German Foreign Minister Sigmar Gabriel said that the signing of a sanctions bill against Russia into law splits the “common ground” reached by the US and Europe with regards to the Russian Federation, during a joint press conference with Slovak counterpart Miroslav Lajcak in Wolfsburg, Friday.

SOT, Sigmar Gabriel, German Foreign Minister (German): “The strength in the past in dealing with Russia, after the annexation of Ukraine which was against international law, was that the United States and Europe have acted together, that we have agreed that we have voted together against Russia. The fact that sanctions against Russia are now approved by the American Congress and accepted by the American President leaves this common ground. I believe that such a splitting is not good, neither for the United States nor for Europe nor for our behaviour against Russia.”

SOT, Sigmar Gabriel, German Foreign Minister (German): “Secondly, the draft law quite openly admits that it pursues economic interest. And we do not think this is acceptable. Foreign policy topics will be offensively connected with American economic interests, and to say ‘we would like to get Russian gas off the European market’ so that American gas can be sold there is not something we can accept.”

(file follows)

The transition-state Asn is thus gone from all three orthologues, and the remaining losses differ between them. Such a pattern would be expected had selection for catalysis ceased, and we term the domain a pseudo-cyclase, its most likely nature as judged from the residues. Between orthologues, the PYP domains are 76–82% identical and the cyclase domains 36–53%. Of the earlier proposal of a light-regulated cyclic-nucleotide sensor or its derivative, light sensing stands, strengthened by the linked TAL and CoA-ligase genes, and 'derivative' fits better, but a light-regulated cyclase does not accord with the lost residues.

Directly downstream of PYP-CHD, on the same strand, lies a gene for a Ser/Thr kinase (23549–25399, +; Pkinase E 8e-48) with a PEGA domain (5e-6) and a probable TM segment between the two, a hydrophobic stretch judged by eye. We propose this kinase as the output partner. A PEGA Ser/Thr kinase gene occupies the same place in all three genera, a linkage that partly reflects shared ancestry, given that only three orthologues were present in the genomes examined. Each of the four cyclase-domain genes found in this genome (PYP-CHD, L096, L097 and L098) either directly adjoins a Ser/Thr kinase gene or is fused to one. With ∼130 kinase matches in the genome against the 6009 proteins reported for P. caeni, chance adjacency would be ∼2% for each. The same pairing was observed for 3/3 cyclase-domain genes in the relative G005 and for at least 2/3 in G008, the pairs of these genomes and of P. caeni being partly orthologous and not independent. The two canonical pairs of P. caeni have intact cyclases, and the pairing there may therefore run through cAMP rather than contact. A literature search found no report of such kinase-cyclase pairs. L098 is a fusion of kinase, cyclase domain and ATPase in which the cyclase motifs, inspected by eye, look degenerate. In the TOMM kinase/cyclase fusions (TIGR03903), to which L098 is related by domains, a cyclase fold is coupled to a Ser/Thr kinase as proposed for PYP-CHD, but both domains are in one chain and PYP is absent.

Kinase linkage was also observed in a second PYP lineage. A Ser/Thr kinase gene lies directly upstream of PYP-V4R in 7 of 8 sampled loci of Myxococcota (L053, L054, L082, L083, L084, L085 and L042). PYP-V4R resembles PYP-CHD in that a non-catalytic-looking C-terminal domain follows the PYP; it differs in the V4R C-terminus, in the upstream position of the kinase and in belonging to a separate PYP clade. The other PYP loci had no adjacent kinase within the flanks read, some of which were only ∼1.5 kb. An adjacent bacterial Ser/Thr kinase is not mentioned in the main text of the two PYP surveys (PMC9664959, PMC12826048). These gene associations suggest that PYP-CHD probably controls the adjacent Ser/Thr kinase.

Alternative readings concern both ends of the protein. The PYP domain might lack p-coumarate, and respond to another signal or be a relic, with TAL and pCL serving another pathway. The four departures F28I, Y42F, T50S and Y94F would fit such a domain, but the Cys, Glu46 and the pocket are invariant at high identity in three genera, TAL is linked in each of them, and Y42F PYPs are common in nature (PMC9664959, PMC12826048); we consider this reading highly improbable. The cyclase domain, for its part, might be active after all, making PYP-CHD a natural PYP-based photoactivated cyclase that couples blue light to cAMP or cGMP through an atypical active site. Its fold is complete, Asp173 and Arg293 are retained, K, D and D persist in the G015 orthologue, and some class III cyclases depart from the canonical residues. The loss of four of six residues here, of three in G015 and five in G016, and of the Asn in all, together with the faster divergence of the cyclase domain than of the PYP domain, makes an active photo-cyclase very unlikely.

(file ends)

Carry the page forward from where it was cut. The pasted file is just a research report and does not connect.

SOT, Sigmar Gabriel, German Foreign Minister (German): “Above all things, the third reason is the most important one: this law includes extraterritorial sanctions, that is, they apply not only to American companies, they apply also to companies of other parts in the world, also in Europe. And companies that do not uphold the sanctions, but still have trade in the American market – there there are many German companies – many Europeans could be penalised for it. We think that is at all acceptable, and because of this we would like to further discuss with the American administration the use of possibilities that the American president has already expressed in his signing statement – he said he wants to consult with his other allies and friends in Europe, he doesn’t want [it to be a] law against European interests. But such words must be followed by actions, and because of this we do have a very clear approach towards the fact that the new administration of the United States is diametral and opposing the interests of Germany and the European Union.”

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